SOMEWHERE OUT in space -- the scientists know exactly where, but that is no longer important -- Pioneer 11 is racing toward an unknown and unknowable fate. It has accomplished the tasks for which it was built. It is now headed toward nothing in particular. But it carries, on its side, a message designed to communicate that the earth and humankind exist if it should happen to encounter intelligent life forms elsewhere in the universe. It is a fitting end for a spacecraft that told us more about a part of our solar system during the past weekend than all the scientists in the world had been able to learn in all the years that went before.
Pioneer 11, like most of the spacecraft in the exploration program, was remarkably productive. It completed its original mission more than four years ago when it flew past Jupiter. With a few nudges from its earth-bound controllers, it then set out after Saturn. The photographs and data it sent back across almost a billion miles of space as it plunged through the planet's rings and after it looped around the far side will keep scientists working for years. Some of that information, no doubt, will confirm existing theories about Saturn and the nature of the solar system; some will produce new theories.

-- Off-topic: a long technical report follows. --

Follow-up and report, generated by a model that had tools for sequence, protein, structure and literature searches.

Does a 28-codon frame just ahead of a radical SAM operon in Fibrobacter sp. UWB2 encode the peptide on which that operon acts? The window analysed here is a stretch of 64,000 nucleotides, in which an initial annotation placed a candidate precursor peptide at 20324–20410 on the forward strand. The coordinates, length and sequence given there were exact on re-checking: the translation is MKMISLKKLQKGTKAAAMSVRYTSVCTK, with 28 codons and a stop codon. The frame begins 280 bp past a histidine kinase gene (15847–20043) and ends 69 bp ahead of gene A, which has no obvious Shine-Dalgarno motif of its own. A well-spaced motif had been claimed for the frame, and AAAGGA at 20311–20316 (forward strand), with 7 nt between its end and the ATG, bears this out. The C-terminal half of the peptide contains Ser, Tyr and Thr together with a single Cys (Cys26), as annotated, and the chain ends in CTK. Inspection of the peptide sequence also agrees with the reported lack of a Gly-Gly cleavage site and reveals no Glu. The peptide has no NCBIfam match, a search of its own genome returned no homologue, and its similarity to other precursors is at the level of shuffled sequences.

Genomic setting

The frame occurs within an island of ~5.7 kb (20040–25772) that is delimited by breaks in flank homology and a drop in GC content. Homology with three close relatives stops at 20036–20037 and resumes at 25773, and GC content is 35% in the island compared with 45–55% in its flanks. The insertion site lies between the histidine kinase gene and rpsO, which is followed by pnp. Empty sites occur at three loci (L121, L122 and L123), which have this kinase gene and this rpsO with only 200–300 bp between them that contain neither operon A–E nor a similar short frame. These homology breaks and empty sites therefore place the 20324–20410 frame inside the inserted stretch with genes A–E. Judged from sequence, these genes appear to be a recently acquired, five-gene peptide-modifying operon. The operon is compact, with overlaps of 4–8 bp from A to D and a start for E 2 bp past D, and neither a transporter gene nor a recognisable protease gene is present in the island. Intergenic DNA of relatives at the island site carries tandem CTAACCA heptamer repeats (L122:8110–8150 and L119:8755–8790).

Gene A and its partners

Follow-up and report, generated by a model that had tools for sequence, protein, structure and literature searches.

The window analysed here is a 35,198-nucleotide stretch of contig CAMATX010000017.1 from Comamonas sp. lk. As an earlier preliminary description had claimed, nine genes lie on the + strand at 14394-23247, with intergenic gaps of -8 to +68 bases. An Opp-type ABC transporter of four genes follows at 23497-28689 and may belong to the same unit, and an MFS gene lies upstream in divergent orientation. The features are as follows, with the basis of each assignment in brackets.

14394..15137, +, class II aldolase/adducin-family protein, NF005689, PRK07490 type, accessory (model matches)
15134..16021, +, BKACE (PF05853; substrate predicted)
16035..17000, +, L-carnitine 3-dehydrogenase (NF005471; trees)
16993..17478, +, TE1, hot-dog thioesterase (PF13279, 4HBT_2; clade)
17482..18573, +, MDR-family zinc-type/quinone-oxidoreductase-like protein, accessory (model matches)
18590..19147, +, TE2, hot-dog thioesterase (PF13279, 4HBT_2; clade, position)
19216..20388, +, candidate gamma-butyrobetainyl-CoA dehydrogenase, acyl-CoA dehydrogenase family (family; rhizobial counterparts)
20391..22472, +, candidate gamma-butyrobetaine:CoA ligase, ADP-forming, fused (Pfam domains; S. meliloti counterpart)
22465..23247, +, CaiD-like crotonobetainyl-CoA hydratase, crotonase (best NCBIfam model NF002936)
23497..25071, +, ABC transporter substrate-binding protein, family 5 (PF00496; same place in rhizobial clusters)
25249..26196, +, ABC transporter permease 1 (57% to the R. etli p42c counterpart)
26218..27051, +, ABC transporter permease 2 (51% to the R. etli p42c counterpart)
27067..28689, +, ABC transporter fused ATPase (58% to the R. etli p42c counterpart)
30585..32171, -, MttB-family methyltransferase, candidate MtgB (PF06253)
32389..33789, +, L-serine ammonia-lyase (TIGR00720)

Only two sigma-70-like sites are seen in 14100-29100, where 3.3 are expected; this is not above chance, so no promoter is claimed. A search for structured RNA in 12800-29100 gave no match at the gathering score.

But, Saturn will never be viewed the same way. A few of the mysteries of the "mysterious silver beacon" with "cup handles," as Galileo described it in the 17th century, have been pierced. More will be when the two Voyagers now on their way to Saturn reach their destination. Saturn is no longer just a dot in the sky or a fuzzy image seen dimly through a telescope.
The inevitable question, when government finances such exploration, is whether the bits of knowledge that have been acquired are worth what they cost. The answer is that, standing alone, they are not. Little, if anything, has been learned from Pioneer 11 that will improve the quality or lengthen duration of life on earth. But no one knows what will emerge when this spacecraft's information is added to what has been and will continue to be accumulated. It is this search for knowledge about the earth, the solar system and, grandly, the universe that the Pioneer 11 flight is all about.